When I first had symptoms of POTS– lightheadedness, unusual fatigue, inability to speak due to brain fog, etc– they weren’t all day, every day, and I initially dismissed them as flukes. Had to sit down in the pharmacy line because I was about to pass out? So weird! Wobbly walking down the church hallway? So crazy! Can’t get words out? Super bizarre! Aw, I’m sure it’s nothing.
When symptoms became constant and inescapable and I was diagnosed with POTS, I’d never heard of it. It sounded kind of made up to me. I mean, Postural Orthostatic Tachycardia Syndrome… what does that mean, anyway?!? (Here’s what Wikipedia says— hmmm… that does sound like what I have.) I was slightly reassured to find that Mayo, Vanderbilt, and the Cleveland Clinic all treated it– I mean, those are reputable establishments– but I thought it strange that closer facilities like Emory, Duke, and MUSC did not and that a number of my doctors seemed to know nothing about it.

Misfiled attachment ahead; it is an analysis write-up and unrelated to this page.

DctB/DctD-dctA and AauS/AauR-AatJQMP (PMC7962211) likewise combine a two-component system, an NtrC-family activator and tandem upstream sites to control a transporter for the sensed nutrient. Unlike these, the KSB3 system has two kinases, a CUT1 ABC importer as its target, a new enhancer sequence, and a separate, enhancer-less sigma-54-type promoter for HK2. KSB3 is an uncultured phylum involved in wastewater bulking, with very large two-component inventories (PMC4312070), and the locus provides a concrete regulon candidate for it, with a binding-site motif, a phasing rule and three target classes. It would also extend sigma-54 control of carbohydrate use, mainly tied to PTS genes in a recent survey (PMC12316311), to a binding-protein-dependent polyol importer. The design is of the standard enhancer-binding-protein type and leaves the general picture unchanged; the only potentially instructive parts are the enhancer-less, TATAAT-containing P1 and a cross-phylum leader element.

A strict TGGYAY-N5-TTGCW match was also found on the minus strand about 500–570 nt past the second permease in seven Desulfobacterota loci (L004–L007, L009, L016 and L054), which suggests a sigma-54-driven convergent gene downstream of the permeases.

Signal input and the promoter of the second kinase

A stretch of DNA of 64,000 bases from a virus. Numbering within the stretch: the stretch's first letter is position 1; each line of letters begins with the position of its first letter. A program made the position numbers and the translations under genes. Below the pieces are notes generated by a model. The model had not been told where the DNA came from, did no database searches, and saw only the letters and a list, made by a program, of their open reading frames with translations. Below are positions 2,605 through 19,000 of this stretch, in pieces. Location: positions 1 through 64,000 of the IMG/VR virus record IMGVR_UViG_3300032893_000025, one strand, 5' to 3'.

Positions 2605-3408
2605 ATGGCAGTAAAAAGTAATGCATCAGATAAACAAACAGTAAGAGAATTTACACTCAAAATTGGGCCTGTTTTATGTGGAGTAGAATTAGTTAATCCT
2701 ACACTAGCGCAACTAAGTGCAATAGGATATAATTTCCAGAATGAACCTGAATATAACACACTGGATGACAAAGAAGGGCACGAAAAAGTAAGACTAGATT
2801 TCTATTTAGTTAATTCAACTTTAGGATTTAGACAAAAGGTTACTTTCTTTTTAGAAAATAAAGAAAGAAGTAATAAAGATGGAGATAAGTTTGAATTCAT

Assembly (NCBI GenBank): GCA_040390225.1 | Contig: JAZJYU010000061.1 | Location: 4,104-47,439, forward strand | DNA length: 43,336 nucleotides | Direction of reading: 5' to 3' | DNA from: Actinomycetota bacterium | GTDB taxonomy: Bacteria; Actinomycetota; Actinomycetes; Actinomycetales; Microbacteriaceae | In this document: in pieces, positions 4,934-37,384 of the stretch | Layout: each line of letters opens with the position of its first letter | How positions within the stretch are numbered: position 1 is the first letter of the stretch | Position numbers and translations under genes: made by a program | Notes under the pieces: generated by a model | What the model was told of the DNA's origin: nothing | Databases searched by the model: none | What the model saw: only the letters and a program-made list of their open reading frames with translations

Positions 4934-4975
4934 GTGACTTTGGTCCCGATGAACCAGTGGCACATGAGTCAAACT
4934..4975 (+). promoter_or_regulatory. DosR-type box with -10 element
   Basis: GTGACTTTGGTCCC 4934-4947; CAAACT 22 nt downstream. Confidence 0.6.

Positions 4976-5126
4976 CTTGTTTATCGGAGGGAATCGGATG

It’s taken me quite a while (understatement) to accept 1) that POTS is real; and 2) that I have it (actually, I still am not thoroughly convinced on a given day– I mean, really? This is so weird!). I suppose it’s a mark of my culture and generation that media portrayals of POTS make it seem more real to me.
Thus, I keep a running list of POTS in the News on this site. The latest mention I’ve found is that Ella of the famous Deliciously Ella recipe blog and website is doing much better after a 2011 diagnosis of POTS, according to this article in the UK version of the Huffington Post. She credits a lot of her improvement to the healthy, real, whole foods she eats. (Just take that with a grain of salt— ha ha– POTS joke.)
I haven’t made any of her recipes, but Ella’s website is beautiful and inspiring. Do you have any favorite foodie sites?